GOVERNOR SIGNS COMPTROLLER MENDOZA'S 'BANK ON' PLAN
Will expand banking access throughout Illinois, steer consumers away from predatory lenders
CHICAGO — Gov. J.B. Pritzker signed Comptroller Susana Mendoza’s Bank On legislation that aims to steer consumers away from predatory lenders and give them better tools to save for the future. The measure was signed this morning at Devon Bank in Chicago’s Rogers Park neighborhood.
One out of five households in Illinois doesn’t use banks. Instead, these consumers pay fees to cash checks or use payday loan shops, pawn shops or auto title lenders that charge outrageous interest rates. On average, they will pay $40,000 in fees over the course of a lifetime.
Mendoza’s measure establishes a Bank On Illinois program, which will enable the Illinois Office of Comptroller to partner with banks, credit unions, consumer advocates and representatives of the community to certify financial products appropriate for consumers new to banking.
Bank On programs certify products that provide fair financial service options, such as no maintenance fees, low minimum deposits, low or no overdraft fees and alternative IDs. They also provide secured personal loans — low-risk lending that allows consumers with low credit scores to begin rebuilding their credit.
“Many of us take for granted being able to cash a check at our bank, open a savings account to plan for our family’s future or secure a loan at a reasonable interest rate,” Mendoza said. “But thousands of Illinoisans don’t have these options, and they pay for it in inordinate fees and sky-high interest rates. Bank On Illinois will help them break that cycle and offer a second chance to those with troubled financial histories to get back on the right track.”
Pritzker said proposals like Bank On Illinois help the state’s working families.
“Our priority here is simple: we will not sit by as bad actors attempt to take advantage of the working families of Illinois,” he said. “We’re safeguarding the financial health of all our people – and we’re doing it at no cost to taxpayers. We’re helping people access banking, and in turn, the financial independence they need to live with dignity.”
The legislation was sponsored by State Rep. Debbie Meyers-Martin (D-Olympia Fields) in the House.
“For thousands of Illinois families, this means a seemingly perpetual cycle of poor credit, lack of access to affordable loans and thousands taken out of their paycheck every year,” Meyers-Martin said. “In today’s economy, families need the resources that modern banking provides to survive and build a better life for their families. Bank On Illinois is a proactive approach to connect people with affordable financial services so they can escape exorbitant fees and provide the financial stability they need to build wealth for themselves and our communities.”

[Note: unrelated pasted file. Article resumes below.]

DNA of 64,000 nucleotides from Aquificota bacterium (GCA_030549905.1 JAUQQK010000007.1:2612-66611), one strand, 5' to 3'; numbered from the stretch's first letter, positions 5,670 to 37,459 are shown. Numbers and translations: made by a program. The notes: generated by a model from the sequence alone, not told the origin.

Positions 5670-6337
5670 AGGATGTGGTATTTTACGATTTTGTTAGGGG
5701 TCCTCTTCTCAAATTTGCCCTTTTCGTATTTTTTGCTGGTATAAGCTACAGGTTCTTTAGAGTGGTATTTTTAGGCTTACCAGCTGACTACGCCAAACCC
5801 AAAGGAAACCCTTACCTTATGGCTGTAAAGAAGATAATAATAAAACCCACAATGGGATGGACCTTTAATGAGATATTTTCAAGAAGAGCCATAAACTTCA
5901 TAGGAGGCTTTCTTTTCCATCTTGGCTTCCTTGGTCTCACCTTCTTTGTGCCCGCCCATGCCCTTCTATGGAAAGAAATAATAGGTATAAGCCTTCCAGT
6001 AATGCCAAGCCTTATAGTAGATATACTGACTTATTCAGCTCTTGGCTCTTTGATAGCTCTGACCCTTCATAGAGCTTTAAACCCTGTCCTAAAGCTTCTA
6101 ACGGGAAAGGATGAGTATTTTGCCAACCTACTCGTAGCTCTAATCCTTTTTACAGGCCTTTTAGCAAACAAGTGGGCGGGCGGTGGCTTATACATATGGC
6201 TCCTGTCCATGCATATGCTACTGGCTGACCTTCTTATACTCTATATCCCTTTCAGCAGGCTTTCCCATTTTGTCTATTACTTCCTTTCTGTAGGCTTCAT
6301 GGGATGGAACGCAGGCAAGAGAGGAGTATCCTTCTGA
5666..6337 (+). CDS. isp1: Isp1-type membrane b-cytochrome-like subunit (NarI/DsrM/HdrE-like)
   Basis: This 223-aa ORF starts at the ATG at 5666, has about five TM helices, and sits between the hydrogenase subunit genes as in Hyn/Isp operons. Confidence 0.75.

The Community Bankers Association of Illinois praised the program:
“The Community Bankers Association of Illinois appreciates the efforts of the governor, comptroller and General Assembly to highlight the needs of the unbanked and under-banked population. It is important to integrate these consumers into the mainstream financial world as an alternative to predatory actors like payday lenders and tile loans who charge as much as 500% interest for basic financial services.”
State Sen. Cristina Castro (D-Elgin) sponsored the measure in the Senate.
“Many in our state cannot meet the requirements to get a bank account, such as startup fees or a large minimum deposit, or they lack the needed identification or credit score. This leaves them vulnerable to predatory lenders and ends up costing them so much more in the long run,” Castro said. “Senate Bill 1332 will shield low-income families from excessive fees and give them the tools they need to help secure their financial futures.”
Mendoza noted that the legislation, which passed with no opposition and bipartisan support in both chambers of the General Assembly, will cost Illinois taxpayers nothing – and should improve the state’s economy by helping more families get on their feet.
More than one-fifth of Illinois households conduct their financial business outside of the traditional banking system, according to a 2015 report from the Federal Deposit Insurance Corporation (FDIC). Unbanked individuals often take their financial business to predatory lenders such as auto title lenders, cash checkers, payday lenders and pawnshops, which charge exorbitant fees for basic services, like check cashing, and high interest rates on lending.
The Brookings Institute found that, on average, a full-time worker who doesn’t use traditional retail banking products is charged roughly $40,000 in lifetime fees. Low-income and immigrant consumers are more vulnerable to being targeted with long-term fees, in exchange for low-information lending documentation.
Lack of access to traditional banking is a problem in both rural and urban areas all over the state. Cook County has a combined unbanked and underbanked rate of nearly 30 percent. Macon County in central Illinois and Alexander County at the southern tip of the state both have unbanked rates of roughly 35 percent.